I've added more contrast (read: less brown) to that area since posting it. Unfortunately, I didn't think to grab one from before I started detailing it. I've since decided to add another section onto the map, because it felt too short with just the original speed mapped layout. I'm going to do the same thing for the new section. This method is working much better for me than the way I normally map, where I texture as I go along, but unfortunately the layout does still feel kind of boxy.

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I often draw my map on paper, with basic layout and gameplay ideas, and most importrant tags. It changes more or less while recreating in editor, but is always better than maps I don't plan.

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There's a thread from about 3 weeks ago that discusses some approaches to developing maps.

Three key steps appear to be:

1. Select a theme for the map (or set of maps)
2. Work out the logic of the map
3. Create the map in an editor

Along the way you'll probably find that you're deviating from what you originally laid out. Many times it will work quite well; sometimes you may find yourself going back to the drawing board.

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I find my maps are typically segemented around various centerpeices: a garden, a series of streets, a massive atrium, or perhaps just a common theme such as interflowing nukage. This acts as a hub from which the side halls and other ancillary details pour out in order to give cohesion. Picking a structural theme or series of setpieces also gives the map a sense of identity, creating landmarks which evoke feelings (security, mistrust, dread, etc.) based on how you set them up.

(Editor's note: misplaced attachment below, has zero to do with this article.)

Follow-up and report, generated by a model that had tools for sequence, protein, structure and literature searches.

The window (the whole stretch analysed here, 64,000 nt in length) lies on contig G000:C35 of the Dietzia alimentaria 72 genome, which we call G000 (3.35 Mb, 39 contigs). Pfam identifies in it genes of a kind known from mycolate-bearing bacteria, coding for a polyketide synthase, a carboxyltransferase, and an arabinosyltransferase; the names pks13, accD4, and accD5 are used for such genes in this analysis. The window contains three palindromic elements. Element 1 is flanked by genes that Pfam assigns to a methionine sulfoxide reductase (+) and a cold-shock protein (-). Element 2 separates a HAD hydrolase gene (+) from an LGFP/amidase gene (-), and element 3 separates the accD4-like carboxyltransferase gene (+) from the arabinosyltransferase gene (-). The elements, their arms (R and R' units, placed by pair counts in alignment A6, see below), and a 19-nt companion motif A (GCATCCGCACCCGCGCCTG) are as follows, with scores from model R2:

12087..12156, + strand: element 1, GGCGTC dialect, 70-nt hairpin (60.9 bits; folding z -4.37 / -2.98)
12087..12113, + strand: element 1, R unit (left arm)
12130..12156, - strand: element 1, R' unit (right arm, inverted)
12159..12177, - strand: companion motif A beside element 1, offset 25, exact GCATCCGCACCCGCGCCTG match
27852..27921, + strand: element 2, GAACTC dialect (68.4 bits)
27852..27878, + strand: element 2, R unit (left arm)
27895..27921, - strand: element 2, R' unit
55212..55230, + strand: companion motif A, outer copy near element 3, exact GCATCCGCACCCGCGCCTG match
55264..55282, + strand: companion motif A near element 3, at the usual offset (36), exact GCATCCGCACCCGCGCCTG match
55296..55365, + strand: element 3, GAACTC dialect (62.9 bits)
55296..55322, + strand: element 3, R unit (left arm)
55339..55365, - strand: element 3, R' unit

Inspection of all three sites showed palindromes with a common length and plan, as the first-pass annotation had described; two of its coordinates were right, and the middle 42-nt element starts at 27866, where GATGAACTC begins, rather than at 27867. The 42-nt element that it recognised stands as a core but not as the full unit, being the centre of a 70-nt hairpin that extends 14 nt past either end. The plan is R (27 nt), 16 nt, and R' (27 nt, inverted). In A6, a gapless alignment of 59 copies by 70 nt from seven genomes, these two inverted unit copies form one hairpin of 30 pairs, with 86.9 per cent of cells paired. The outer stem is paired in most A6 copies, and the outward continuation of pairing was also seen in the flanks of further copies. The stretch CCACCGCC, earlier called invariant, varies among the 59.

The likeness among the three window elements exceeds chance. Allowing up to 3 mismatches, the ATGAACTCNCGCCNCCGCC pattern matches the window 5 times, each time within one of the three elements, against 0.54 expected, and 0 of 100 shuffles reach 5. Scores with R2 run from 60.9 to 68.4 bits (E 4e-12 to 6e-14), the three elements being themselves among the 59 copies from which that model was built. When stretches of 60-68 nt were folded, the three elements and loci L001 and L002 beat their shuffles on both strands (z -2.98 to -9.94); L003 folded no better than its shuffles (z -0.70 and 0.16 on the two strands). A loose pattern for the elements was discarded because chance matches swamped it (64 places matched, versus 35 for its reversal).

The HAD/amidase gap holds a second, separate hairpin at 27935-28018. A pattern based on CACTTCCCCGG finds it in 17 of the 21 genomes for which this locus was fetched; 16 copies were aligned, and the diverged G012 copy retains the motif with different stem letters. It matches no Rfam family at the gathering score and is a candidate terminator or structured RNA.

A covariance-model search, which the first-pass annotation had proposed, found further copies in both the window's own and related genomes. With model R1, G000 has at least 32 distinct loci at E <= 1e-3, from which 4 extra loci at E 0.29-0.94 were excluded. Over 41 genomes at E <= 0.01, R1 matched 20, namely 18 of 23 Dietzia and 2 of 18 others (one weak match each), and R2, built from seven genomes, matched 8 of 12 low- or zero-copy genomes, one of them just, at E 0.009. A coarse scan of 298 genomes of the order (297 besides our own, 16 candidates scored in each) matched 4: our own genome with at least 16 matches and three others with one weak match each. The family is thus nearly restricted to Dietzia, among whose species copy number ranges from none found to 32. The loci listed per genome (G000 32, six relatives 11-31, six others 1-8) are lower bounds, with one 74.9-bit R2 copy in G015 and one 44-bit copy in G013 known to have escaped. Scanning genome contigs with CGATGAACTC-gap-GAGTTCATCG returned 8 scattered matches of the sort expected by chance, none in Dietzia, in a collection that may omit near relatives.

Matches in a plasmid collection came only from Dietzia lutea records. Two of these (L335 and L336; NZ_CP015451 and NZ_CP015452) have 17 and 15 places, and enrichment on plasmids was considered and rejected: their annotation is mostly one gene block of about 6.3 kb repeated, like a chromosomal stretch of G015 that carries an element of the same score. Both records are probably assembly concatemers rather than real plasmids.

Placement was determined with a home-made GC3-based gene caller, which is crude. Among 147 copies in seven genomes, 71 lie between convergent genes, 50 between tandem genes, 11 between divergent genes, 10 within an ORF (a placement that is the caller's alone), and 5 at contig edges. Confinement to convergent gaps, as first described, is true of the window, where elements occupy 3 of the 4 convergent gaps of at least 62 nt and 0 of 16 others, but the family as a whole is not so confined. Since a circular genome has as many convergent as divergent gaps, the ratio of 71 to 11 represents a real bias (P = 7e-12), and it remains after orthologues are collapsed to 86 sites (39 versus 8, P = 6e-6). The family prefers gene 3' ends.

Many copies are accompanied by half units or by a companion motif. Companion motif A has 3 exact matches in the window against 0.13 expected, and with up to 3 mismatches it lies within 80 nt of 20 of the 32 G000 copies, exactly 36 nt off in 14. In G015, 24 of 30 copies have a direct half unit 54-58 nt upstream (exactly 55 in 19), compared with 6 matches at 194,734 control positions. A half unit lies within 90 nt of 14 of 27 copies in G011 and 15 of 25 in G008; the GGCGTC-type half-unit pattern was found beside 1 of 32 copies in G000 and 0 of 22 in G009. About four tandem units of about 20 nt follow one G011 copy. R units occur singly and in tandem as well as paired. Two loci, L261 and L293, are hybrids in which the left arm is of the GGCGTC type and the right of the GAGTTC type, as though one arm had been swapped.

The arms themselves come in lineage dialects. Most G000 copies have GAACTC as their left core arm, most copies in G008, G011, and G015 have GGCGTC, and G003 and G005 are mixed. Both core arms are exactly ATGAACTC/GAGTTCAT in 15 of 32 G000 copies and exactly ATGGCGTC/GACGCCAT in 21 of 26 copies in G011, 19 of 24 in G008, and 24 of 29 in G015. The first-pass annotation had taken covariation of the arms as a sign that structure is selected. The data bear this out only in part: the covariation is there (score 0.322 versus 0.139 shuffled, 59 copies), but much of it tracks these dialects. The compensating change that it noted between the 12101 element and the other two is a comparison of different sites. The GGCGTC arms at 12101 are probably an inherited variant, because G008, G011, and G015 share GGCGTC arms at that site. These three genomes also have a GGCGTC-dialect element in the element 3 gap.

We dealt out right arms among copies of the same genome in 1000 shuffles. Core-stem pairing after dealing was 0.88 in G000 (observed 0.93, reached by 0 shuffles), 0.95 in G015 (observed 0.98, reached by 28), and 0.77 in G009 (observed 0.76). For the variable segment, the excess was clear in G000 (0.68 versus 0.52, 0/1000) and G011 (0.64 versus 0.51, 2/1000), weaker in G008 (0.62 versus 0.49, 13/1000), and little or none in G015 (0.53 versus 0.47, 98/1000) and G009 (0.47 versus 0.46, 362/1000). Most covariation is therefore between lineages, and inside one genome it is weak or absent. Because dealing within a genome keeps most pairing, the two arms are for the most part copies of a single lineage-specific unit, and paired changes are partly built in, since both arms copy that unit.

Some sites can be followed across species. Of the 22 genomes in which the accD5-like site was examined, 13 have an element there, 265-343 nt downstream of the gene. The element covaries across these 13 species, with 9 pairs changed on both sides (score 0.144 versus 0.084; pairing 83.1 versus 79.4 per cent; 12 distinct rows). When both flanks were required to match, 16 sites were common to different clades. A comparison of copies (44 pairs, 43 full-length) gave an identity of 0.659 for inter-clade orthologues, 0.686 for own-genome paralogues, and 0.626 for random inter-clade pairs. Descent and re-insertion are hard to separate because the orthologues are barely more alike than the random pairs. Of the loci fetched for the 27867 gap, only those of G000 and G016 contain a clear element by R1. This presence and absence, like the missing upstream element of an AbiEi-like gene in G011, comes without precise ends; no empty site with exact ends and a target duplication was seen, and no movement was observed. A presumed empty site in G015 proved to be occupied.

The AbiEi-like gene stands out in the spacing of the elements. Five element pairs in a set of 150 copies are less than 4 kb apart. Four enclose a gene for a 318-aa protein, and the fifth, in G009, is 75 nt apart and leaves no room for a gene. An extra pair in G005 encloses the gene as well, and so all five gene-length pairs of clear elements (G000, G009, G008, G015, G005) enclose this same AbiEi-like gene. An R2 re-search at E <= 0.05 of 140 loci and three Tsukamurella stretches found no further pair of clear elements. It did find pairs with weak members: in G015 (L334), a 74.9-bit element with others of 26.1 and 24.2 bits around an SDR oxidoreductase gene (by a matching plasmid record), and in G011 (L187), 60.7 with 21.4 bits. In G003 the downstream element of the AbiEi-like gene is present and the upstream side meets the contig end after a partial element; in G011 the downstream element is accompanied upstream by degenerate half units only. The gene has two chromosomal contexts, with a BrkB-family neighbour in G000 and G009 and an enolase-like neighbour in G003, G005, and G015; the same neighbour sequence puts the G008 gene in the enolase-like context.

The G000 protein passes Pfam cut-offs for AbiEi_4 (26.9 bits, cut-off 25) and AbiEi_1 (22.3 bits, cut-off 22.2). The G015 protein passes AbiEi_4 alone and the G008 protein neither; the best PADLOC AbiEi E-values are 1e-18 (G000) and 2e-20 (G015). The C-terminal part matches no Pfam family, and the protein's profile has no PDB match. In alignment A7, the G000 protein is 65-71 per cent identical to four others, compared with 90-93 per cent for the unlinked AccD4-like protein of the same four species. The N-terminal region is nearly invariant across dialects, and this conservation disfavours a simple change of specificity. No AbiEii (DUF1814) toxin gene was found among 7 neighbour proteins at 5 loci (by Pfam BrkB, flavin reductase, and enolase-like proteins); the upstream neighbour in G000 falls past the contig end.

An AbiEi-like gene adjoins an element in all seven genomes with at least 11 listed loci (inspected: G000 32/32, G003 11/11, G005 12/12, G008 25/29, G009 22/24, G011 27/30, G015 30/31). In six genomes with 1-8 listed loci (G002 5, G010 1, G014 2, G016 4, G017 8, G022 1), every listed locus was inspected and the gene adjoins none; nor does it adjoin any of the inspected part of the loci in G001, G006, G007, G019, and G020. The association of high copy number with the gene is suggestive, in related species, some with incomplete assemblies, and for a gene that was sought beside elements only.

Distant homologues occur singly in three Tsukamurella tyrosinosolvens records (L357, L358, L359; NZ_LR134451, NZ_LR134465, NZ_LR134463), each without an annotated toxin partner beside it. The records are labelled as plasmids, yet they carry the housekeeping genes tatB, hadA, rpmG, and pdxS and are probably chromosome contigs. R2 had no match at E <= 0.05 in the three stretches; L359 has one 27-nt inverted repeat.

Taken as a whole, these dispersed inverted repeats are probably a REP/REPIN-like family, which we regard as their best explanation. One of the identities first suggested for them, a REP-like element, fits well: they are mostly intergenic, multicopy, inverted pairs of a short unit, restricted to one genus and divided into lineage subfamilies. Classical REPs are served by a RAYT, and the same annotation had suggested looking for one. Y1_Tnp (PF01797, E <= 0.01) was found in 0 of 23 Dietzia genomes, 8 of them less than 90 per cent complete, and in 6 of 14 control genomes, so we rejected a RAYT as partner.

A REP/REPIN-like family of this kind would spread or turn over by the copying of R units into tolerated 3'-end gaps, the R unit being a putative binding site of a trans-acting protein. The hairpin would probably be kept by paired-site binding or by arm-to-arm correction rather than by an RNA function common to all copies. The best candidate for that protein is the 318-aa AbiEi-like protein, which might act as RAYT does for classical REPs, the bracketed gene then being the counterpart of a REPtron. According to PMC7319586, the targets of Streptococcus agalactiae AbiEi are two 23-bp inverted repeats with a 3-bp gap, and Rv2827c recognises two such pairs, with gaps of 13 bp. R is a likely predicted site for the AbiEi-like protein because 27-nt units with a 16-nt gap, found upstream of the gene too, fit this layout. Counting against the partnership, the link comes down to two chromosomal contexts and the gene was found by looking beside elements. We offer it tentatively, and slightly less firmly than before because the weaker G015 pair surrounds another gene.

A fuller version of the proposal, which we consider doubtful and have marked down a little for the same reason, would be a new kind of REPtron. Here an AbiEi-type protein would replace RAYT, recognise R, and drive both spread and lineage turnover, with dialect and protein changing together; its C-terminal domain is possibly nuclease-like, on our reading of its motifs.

My favorite technique is to make the main passage of the level (what you'd speedrun, we'll call it the "highway") as frantic as possible, forcing you to duck into any number of "alleys" or "parking lots," which should provide temporary security at best. Try to increase flow into dead zones with powerups. Limit your use of monster-blocking, player-passable linedefs only to help them past "sticky corners" and other outcroppings. Be conscientious primarily of your ammo/monster ratio, what weapons you want to supply the player to use in the different areas, then focus on health, then goodies.

It helps to turn on IDDT while you playtest the level to see how monsters flow. It's an easily-overlooked detail, but you have to think about how the player's macro-level movement through the levels draws the monsters around. You want to avoid areas where monsters get congested on your "highway" as they're following the player's progression, except when this is the effect you're looking for.

This is just one style of mapping, of course, but I find the maps I've made in this format are really fun for an extended playthrough, and always keep you on your toes with each advance.

TL;DR: think of the map as a "hopper" through which your monsters feed and make sure they can "flow" the way you want them to.

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Pay attention to the world around you. Once you come up with a theme, use buildings and structures as a means of getting that artistic creativity that is necessary for a good map. I usually start by thinking of how the building I'm creating would function in real life.

For example, if you are designing a secret lab or whatever, think of rooms a lab would have. These could include testing labs, chemical plants, computer rooms, etc. If your map takes place outdoors, all you really have to avoid would be making large open areas with no detail. Make some fences or unaccessable buildings for effect.

Lastly, and most importantly, make sure the map is FUN TO PLAY! Don't spam monsters and try to be creative in the placements of your "Things". Test your map many times and see what areas seem to be lacking in excitement, and see if you can fix them. :)